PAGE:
The Role of NIMH,
The path of medical sociology was not a smooth and easy one.
—Robert H. Felix,
first director of NIMH
At midcentury, the institutions responsible for higher education in the United States were poised for a radical transformation. The changes that followed the war appear at first to pick up and continue the prewar trends, but they were both more fundamental and more diverse. For example, the scientific function of the medical school that Abraham Flexner had recommended in 1910 had been gradually realized during the next two decades. By 1930, as Stevens has so clearly documented, “the faculties in the best schools had become scientific investigators. ” 1 However, the role of such faculty investigators did not radically change during the thirties. Support for research projects occasionally received earmarked foundation grants, but “in large part, medical schools made no distinction between teaching and research. ” 2 Following the war, the research function became dominant, reflecting a structural change that altered the social environment of medical schools in a way that no one had predicted, not even the ubiquitous Flexner.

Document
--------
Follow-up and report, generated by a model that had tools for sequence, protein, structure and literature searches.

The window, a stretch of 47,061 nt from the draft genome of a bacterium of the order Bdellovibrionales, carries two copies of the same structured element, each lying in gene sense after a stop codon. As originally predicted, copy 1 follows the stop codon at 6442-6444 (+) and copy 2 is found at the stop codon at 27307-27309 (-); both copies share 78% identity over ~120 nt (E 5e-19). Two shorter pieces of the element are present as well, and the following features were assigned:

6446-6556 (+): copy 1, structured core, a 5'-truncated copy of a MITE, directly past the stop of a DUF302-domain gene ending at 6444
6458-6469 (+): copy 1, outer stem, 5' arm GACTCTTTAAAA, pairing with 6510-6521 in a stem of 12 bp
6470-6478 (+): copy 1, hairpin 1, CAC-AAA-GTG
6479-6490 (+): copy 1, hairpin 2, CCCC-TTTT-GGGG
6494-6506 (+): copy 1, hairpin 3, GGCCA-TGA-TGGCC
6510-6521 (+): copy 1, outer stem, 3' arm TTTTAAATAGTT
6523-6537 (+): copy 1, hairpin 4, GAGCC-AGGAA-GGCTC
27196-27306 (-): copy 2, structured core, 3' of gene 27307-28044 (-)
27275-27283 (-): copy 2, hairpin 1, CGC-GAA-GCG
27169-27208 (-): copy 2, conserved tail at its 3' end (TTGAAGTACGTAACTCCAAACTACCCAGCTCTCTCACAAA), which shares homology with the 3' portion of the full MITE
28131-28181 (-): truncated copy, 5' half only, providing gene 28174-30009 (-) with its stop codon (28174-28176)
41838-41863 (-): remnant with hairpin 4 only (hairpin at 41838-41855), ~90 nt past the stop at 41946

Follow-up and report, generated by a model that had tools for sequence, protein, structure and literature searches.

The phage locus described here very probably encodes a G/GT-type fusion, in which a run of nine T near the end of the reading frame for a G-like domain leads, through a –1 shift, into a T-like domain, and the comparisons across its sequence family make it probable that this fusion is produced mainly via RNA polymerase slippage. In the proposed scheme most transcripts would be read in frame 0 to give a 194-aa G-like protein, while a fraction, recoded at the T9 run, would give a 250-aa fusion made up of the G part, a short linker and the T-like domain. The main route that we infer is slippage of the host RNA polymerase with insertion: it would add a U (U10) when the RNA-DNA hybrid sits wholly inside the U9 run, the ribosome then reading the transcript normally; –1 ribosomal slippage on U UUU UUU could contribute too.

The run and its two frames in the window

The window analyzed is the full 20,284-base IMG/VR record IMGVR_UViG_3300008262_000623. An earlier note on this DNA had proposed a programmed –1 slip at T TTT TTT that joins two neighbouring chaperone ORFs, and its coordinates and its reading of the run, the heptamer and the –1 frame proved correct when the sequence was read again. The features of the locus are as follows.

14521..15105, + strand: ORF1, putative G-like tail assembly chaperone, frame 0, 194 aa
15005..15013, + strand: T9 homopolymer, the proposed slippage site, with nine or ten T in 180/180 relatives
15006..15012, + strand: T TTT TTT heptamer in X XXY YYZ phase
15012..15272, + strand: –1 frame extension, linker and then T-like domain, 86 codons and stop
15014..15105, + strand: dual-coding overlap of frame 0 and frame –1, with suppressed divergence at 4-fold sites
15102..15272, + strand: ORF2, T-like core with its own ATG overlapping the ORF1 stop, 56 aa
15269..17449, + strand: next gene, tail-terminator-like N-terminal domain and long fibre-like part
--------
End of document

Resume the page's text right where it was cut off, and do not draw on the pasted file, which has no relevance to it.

Most obvious was the replacement of private foundation grants by the federal government as the main outside source of research support, but the significance of the change went beyond that. The primary sources were the National Institutes of Health (NIH). Some trace the origins of NIH to 1887 when a laboratory for bacteriological studies was created within the PHS. However, the contemporary model began only in 1930, and it was not until a congressional act in 1937 that NIH developed “specialist research programs focused on specific conditions or diseases. ” 3 At first these were predominantly on-site research and training at the national capital, but gradually extramural research grants to individuals and institutions were added. The latter grew rapidly to change the balance between the medical school functions of teaching, research, and service. This process started during the war: “An accelerated, focused program of medical research, sponsored both by private organizations and by various governmental departments for wartime needs, led to separate accounting for research in the schools, and thus to a separation of the research function from the regular expected role of teaching. ” 4